But rather than ranting about the inaccuracies of this film, I would only suggest that you go and make your own version of how you believe it all went down. And I’ll be sure not to watch it.

  6. Will says:

    Following Larry Stillman’s advice I read Channel 4’s defence of the series to the British Board of Deputies. And I am now convinced that the ECAJ’s complaint to SBS is entirely justified. The letter from Channel 4 provides only a superficial and self-serving analysis of the principal Jewish characters in the series whereas the ECAJ’s analysis is detailed and thoroughly convincing. I urge everyone to read the entire ECAJ complaint including the attachment, accessible at http://www.ecaj.org.au.

    It is interesting that Channel 4 characterises the series as “a fictional story, set within a historical context”. Yet much of the promotion of the series by SBS, and many of the responses from viewers posted on the SBS website, stress that the series portrayed “history” and was in some sense true and accurate. This is just downright dishonest. I hope Senate Estimates gets well and truly stuck into SBS about its use of tax-payers money to promote Jew-hatred. I am sick of it, and sick of SBS doing it.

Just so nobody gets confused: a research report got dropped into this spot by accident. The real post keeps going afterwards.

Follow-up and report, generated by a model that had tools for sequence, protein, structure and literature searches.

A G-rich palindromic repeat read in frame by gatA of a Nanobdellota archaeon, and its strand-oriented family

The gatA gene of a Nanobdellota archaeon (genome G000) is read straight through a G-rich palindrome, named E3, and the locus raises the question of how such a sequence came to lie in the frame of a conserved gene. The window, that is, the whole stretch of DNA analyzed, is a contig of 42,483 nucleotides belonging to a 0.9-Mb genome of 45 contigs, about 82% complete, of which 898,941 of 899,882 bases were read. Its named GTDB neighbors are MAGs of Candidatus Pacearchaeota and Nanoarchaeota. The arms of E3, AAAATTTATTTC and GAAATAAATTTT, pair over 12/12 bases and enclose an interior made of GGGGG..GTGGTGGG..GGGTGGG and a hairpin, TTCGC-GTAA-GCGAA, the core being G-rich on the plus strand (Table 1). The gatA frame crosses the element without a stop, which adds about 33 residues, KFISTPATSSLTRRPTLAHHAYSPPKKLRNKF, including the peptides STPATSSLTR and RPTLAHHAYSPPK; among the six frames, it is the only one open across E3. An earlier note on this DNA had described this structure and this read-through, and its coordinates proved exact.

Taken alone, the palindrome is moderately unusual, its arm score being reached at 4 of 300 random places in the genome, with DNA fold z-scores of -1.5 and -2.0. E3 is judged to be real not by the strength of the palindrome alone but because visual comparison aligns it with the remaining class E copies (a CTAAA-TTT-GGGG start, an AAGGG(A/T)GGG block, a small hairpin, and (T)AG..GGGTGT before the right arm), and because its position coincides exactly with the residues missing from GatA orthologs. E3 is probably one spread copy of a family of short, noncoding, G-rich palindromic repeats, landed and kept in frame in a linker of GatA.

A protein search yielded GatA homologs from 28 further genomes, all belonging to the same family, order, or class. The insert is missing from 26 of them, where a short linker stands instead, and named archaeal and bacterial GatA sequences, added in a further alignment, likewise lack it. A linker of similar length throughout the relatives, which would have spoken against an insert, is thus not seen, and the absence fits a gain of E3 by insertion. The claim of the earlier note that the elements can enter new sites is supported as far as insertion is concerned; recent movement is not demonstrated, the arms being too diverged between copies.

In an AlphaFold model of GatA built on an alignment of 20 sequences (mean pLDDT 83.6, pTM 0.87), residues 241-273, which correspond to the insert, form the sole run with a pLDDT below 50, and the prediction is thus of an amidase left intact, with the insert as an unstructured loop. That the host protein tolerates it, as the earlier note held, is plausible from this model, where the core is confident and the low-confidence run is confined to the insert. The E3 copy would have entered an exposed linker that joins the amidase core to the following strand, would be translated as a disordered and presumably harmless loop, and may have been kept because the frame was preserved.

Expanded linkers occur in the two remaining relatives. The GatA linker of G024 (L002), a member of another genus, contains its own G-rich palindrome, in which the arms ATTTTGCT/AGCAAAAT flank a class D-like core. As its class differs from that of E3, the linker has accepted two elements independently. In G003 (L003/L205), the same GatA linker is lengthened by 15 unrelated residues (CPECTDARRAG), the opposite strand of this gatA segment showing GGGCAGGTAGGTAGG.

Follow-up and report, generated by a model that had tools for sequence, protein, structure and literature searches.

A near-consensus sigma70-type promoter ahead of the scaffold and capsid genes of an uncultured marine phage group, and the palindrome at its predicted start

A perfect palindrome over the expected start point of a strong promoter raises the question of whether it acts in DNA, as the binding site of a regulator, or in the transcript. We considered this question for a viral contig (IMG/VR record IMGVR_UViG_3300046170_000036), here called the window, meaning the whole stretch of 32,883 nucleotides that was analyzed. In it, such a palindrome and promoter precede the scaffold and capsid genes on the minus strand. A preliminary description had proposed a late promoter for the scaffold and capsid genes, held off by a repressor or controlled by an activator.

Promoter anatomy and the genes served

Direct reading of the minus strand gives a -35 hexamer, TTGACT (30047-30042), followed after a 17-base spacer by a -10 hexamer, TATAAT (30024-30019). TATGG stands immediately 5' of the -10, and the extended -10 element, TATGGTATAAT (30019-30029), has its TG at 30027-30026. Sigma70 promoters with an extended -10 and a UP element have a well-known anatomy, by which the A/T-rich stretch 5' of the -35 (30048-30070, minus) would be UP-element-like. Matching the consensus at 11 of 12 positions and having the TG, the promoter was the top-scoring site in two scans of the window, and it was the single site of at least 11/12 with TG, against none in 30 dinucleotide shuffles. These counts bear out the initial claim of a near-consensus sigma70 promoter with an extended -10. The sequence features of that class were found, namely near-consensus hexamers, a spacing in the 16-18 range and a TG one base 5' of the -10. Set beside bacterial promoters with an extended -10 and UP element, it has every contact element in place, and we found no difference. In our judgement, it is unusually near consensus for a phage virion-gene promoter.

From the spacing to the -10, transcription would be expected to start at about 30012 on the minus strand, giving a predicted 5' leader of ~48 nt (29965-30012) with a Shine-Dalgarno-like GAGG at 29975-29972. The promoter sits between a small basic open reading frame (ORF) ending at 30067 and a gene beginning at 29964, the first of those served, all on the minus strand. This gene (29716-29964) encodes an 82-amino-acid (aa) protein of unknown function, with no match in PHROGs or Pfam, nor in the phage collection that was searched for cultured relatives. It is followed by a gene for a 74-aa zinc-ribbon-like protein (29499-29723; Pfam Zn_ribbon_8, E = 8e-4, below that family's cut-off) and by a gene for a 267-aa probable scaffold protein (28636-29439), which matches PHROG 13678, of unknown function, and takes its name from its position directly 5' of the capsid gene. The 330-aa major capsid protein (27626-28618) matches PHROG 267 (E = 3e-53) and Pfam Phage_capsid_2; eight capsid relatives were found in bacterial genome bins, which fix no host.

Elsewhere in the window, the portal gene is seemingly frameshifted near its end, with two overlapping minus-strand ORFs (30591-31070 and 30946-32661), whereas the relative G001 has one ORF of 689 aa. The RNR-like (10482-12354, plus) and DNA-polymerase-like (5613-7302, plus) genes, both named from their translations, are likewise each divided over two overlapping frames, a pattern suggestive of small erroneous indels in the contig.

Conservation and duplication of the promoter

7. Larry Stillman says:

    It would probably take me we weeks to conduct a full rebuttal. Instead, I suggest critics of the series read the interview with the director @ http://www.jnews.org.uk/commentary/the-promise-interview-with-peter-kosminsky, or as well, watch http://youtu.be/Vb0uUxocbdU in an interview session with him where is receives some tough questions.

    A few points here and I know they are random, but I don’t have much spare time.

    I agree, it would have been good to have an allusion to what happened in the 20s and 30s, but Kosminsky’s argument is that he was developing a story based on what British soliders experienced in the 40s (including the use of disturbing’honey traps’ such as Clara, but Haganah spies were everywhere. We all know that).